As a result of Kuhlthau’s research and ISP, plus the Big6 model, these three

aforementioned studies were implemented and published, creating additional knowledge that “is

derived from an explicit theory or theories, embedded in a social context of explanation, and …

endorsed by a discipline or group of practitioners” (Achleitner, Information Transfer Definitions

handout). Knowledge creation is “externally-produced, empirically-grounded knowledge

through research and development or internally generated through research and development”

according to Achleitner; this definition fits studies based on Kuhlthau’s seminal research and

also derived research based on Eisenberg and Berkowitz’s Big6.


According to The New Oxford American Dictionary, dissemination means to “spread or

disperse (something, esp. information) widely…” (Jewell and Abate, 2001). “For example,

broadcast news is dissemination, as is newspaper publishing and Web sites that are available to

the public. The audience is of a general nature, and the acceptance of the information is

uncertain” (Greer, Grover, and Fowler, p. 22).

Knowledge dissemination is “The one-way spreading of information that helps the user

seek and acquire alternative sources of information and learn about options. Another level of
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dissemination is interactive and provides for a multidirectional flow of information into systems.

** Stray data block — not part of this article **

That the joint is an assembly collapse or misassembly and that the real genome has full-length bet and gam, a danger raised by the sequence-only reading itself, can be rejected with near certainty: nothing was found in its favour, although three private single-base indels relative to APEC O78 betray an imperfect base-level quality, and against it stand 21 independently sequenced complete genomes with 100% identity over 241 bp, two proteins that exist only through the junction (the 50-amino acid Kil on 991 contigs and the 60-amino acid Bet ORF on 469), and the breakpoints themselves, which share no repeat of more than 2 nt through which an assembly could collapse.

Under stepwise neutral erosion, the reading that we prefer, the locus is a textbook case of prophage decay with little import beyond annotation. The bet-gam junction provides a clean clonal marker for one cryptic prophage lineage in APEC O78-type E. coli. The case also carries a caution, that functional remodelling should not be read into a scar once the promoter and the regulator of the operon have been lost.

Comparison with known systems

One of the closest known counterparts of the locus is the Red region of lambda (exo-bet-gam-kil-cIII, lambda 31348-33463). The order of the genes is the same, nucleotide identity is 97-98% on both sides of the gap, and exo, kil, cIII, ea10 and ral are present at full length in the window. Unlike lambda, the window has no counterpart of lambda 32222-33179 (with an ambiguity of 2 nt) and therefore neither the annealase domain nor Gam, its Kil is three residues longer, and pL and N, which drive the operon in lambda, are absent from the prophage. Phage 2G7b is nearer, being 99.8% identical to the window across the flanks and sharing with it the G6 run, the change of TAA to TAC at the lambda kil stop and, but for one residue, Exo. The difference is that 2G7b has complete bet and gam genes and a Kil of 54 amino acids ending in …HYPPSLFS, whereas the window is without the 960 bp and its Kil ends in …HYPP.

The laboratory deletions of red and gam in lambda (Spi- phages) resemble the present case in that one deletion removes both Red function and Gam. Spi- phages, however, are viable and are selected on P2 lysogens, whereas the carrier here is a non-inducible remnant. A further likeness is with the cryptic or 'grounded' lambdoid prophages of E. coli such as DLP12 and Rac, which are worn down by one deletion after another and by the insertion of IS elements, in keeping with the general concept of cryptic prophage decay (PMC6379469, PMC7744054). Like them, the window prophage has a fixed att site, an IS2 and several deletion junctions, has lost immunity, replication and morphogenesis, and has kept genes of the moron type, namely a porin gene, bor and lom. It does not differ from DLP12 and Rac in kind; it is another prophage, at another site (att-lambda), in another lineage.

Dissemination systems supply information to reduce costly ignorance….” according to


Sending out the information can therefore be through multiple channels. Organizations

that are disseminators are professional organizations, libraries, book stores, Web sites, TV and

radio stations. The disseminating is done by librarians, reviewers, book store staff, Web

masters, TV and radio producers, and on-air staff (Greer, Grover, and Fowler, p. 123).

Owens (2001) wrote that “dissemination consists of …goal-oriented communication of

information or knowledge that is specific and potentially useable from one social system to

another” (p.1). However, he stressed the importance of knowing the audience/clients and that it

can be helpful to provide a partnership with others in the organization, in order to enhance the

knowledge transfer. He also stated that it was important to have strategies and to follow